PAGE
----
Ukrainian Archbishop: Those Who Loot Ukraine ‘Will Die in Misery’

ROME — Ukrainian Major Archbishop Sviatoslav Shevchuk has condemned the looting of Ukraine by its Russian invaders, warning that the stolen property will “burn” in the hands of those who take it.

Marking “the fiftieth day of nationwide resistance of Ukraine against the Russian occupiers,” Archbishop Shevchuk released a video message Thursday denouncing Russia’s ongoing attacks and praising Ukraine’s response.

Signs of new life bring hope to the besieged nation, the archbishop observes, noting that “storks have arrived in the villages and towns of Ukraine, over burnt rubble, over destroyed houses, over new cemeteries.”

“The storks are building their nests. Spring is coming, life goes on,” he states. “Ukrainians know how to survive and with their vitality and ability to withstand war, they are giving hope.”

With Easter hope in the risen Christ, “Ukraine stands. Ukraine lives. Ukraine fights,” he declares.

Reflecting upon God’s Seventh Commandment, which commands not to steal, the archbishop warns that the one “who is not respectful, does not respect the work of his neighbor, its fruits, who does not respect the private property of man, he will never have his own well-being.”

The Associated Press

A woman pulls her bags past houses damaged during fighting in eastern Mariupol, Ukraine, Friday, April 8, 2022. Ukraine says it is investigating a claim that a poisonous substance was dropped on the besieged city of Mariupol. (AP Photo/Alexei Alexandrov, file)

“In a country where the good of another person is despised, there will never be prosperity and well-being,” he declares.

“We see how the occupiers around Kyiv and in the Chernihiv region prepared people for famine, forbade them to go out into the fields which had been mined, and simply cynically killed livestock,” Shevchuk laments.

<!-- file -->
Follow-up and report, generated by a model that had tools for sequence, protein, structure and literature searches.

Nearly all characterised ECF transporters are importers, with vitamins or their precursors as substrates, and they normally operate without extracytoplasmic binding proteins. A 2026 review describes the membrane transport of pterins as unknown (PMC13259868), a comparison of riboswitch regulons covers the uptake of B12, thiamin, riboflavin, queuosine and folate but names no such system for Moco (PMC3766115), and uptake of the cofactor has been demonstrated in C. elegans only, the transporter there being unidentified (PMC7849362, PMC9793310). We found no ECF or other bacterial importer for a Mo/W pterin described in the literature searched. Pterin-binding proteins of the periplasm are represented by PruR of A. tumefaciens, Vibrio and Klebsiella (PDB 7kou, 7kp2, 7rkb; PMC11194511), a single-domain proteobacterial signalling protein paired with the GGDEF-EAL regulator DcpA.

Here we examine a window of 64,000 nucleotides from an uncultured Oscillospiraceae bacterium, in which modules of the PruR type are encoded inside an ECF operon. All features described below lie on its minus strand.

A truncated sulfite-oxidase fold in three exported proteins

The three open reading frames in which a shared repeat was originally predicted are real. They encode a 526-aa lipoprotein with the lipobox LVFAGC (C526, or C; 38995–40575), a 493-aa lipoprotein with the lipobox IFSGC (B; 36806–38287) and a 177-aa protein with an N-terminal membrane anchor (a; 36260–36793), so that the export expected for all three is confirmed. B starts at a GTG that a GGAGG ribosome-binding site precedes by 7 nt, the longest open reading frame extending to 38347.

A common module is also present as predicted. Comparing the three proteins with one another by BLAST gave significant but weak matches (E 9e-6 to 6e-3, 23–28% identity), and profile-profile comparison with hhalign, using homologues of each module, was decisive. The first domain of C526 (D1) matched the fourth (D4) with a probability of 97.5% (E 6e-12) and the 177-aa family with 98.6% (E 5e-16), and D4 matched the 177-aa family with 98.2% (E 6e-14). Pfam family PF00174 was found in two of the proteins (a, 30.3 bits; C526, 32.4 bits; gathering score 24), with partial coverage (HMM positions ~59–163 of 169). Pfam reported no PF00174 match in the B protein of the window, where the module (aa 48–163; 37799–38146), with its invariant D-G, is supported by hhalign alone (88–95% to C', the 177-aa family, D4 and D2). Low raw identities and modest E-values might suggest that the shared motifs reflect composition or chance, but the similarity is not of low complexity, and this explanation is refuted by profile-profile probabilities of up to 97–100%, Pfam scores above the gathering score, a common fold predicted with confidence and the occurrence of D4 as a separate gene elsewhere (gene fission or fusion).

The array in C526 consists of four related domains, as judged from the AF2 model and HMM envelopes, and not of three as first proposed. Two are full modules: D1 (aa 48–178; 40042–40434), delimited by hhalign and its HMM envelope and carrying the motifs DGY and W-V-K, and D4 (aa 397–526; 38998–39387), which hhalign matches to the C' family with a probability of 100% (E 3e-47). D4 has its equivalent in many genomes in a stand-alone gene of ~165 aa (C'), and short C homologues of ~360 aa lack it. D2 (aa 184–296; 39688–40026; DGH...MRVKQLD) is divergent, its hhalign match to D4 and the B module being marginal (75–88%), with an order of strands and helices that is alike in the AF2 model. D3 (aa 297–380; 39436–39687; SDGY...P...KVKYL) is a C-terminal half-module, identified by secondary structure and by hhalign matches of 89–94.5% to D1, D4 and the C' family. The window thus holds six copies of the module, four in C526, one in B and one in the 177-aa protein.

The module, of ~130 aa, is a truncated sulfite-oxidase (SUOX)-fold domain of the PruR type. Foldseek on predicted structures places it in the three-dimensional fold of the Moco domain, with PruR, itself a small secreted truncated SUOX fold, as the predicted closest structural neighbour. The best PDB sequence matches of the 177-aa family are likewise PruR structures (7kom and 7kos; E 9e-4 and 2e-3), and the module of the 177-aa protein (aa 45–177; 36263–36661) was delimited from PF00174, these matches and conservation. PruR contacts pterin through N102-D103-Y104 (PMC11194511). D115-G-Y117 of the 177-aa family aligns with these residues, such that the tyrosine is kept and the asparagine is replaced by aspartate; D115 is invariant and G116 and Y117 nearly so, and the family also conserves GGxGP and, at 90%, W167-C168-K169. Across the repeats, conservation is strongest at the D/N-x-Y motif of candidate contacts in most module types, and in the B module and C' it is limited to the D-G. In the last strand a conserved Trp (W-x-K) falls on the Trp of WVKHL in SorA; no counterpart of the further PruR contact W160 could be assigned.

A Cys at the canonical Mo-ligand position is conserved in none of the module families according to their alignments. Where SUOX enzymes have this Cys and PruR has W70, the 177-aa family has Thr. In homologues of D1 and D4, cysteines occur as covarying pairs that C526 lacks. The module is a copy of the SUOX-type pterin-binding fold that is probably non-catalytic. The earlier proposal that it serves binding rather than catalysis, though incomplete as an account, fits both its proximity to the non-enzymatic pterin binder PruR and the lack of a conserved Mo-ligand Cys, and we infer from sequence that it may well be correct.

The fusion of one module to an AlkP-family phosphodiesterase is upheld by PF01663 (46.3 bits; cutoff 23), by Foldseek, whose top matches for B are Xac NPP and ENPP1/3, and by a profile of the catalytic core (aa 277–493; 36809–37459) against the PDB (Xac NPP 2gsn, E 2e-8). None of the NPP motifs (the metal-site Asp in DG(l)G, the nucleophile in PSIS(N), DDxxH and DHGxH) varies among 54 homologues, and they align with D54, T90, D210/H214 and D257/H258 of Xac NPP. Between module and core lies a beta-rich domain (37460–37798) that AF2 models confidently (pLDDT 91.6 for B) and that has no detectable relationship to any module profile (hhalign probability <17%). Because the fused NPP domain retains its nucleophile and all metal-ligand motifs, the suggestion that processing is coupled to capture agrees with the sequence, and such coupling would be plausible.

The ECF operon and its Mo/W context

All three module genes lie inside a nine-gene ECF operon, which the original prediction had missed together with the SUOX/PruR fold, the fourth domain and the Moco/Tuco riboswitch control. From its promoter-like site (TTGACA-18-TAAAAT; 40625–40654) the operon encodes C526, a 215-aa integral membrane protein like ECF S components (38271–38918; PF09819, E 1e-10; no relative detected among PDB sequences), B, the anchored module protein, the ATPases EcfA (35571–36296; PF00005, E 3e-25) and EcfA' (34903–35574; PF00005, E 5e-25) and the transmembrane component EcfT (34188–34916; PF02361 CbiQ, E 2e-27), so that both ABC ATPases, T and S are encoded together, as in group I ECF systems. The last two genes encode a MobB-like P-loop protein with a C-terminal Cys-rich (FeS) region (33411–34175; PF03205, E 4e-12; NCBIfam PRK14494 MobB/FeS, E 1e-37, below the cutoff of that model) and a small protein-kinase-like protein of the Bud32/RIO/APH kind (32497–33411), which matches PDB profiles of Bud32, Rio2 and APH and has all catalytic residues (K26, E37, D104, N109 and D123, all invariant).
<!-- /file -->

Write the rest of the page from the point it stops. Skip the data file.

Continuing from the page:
“Ukrainians were not given the opportunity to work, but on the other hand, we saw the war crimes of looting,” he states, “when all the property of killed people, wounded people, was taken, when human life was less valuable in their eyes than that which they could steal from this person.”

“Those looters despise the Ukrainian people,” he asserts, adding that the looted property is now being traded in Russia and Belarus.

“I want to remind everyone that whoever buys what is stolen or looted becomes an accomplice to the crime,” he cautions. “The stolen thing becomes coal in the hands of those who hold it and burns their hands.”

“Such a nation, such people, such thieves, will never have God’s blessing and will die in misery,” he warns.

“O God, bless Ukraine!” he prays. “Bless all those who know how to respect what is not theirs and know how to possess their own.”

“O God, bless our army, which protects the life and well-being of Ukraine,” he concludes. “O God, bless Ukraine as the breadbasket of Europe, as a spiritual treasury of the whole world.”

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